Which is why we have such a high number and high percentage of minority youth and young adults stewing in the prisons. They took the readily available path, not to success , but to getting by and for helping their families in an environment that seemed to offer few other alternatives.

    It also helps out the progressive agenda by making the police the enemy who steals the person getting the rent and food money instead of the person that protects your neighborhood.

  6. Edward Agazarm says:

    Drrik, Good points all.

  7. Paulina:

    In what universe is marijuana a “brain-damaging drug?” What possible scientific basis is there for thinking this?

  8. Dirk says:

    Pot increases the risk of psychosis in adults and runs the risk of schizaphrenia in regularly smoking teens from 1% to 6%. That is some definite damage

  9. Paulina West says:

    Non organic. Thank you. I do that every single time.

  10. Where did you get that idea, Dirk?

    If you’re going to assert something as being fact, either back it up with a source, or expect to have your credibility questioned.

  11. Paulina West says:

    I think a simple inductive approach to the neurological effects of drugs would be helpful first.

    Recreational drugs are used in general for the alterations in mood. The alterations in mood are also accompanied by impairments of other functions. These can include impaired judgment, impaired reason, impaired reading comprehension, and impaired speech and reaction time.

    If the drug is taken in order to achieve these effects, what do you think the cumulative effects of the drug will be over time? What demographic is the most vulnerable to use, regular use, and addiction to recreational drugs? During the years until the age of 24, the brain is still undergoing important stages of maturation. Even an improper diet and excessive stress (cortisol production) is known to have detrimental effects on brain function for the rest of your life. So what I think the take home point is, if you take a drug in order to disrupt brain function, don’t be too terribly surprised if it is disruptive to brain function with repeated use.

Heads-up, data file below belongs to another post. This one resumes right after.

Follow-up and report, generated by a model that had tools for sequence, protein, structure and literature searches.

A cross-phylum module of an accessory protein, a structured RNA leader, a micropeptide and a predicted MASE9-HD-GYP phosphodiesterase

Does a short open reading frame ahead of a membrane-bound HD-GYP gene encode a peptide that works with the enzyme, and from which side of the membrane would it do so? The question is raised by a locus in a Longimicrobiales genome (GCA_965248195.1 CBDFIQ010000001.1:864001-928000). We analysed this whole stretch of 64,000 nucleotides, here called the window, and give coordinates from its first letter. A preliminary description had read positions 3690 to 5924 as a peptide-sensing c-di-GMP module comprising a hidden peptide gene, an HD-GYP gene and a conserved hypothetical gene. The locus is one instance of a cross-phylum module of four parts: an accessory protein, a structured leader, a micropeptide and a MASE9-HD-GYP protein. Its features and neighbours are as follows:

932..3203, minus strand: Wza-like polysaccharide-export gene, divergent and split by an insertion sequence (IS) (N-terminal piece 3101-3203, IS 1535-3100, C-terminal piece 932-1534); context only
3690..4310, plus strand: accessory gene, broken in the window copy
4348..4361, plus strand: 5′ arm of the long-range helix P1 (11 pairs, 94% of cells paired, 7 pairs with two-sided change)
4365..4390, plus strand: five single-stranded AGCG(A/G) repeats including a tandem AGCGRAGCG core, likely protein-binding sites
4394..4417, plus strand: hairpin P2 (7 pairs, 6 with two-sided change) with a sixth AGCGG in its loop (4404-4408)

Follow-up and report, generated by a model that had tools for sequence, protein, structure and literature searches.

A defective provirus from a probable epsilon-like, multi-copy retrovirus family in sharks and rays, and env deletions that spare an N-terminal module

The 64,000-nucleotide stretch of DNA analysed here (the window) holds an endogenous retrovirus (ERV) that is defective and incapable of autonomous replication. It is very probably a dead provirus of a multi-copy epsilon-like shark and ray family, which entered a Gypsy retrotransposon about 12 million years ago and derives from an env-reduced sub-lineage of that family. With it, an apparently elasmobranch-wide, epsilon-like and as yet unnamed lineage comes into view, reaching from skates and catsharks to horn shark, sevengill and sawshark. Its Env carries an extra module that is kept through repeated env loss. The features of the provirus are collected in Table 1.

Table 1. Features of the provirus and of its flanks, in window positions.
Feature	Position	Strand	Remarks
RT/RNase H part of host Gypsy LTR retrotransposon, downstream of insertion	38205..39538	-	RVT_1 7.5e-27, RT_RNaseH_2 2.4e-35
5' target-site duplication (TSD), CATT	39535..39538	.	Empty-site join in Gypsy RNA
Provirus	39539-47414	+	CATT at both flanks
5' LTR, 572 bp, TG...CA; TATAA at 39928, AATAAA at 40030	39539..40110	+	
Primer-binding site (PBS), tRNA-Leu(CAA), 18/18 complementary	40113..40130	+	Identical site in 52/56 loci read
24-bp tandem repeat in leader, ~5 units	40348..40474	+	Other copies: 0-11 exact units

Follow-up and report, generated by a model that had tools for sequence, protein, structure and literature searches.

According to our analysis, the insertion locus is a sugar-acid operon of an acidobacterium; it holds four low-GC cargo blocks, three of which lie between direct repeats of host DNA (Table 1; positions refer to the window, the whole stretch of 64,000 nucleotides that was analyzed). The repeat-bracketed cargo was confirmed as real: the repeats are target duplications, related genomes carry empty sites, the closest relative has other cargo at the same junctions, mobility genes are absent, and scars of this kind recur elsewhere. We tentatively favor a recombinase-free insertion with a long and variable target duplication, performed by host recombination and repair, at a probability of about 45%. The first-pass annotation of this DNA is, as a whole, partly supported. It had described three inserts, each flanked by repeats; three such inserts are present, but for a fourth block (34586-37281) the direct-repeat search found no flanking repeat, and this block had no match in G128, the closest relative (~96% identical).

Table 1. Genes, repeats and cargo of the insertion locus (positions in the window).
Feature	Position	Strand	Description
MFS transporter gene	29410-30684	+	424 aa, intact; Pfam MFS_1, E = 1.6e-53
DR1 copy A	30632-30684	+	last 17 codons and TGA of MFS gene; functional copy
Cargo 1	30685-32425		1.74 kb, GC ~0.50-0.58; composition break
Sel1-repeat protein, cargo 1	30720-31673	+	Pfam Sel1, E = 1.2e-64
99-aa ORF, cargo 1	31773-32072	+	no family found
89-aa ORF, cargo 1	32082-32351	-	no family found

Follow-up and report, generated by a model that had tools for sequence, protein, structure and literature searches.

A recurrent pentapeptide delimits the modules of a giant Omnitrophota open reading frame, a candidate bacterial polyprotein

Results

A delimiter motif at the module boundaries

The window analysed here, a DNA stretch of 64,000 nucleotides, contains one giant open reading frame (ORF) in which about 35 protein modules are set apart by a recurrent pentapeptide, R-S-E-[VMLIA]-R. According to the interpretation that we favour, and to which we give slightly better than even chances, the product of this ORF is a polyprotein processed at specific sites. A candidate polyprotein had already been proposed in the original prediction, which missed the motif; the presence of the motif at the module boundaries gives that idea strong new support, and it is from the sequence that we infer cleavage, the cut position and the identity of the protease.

12. Paulina West says:

    Next, there are terrible physical side effects from the use of speed, cocaine, meth, narcotics, and so on. The fact that the “experts,” doctors, and academics have chosen to regularly prescribe these drugs, esp. meth, to children for ADHD does not mean that they do not permanently disrupt brain function.

    There are dissident scientists and neurologists who note that when they are asked to treat people who are already on a psychotropic cocktail, it is very difficult to achieve any real therapeutic progress.

    And don’t be too surprised that scientists outside of the mainstream know that the effects of these unholy cocktails are more similar to the symptoms of TBI and psychological disturbance than to optimum brain function we see in say, a musician who practices for a couple hours a day.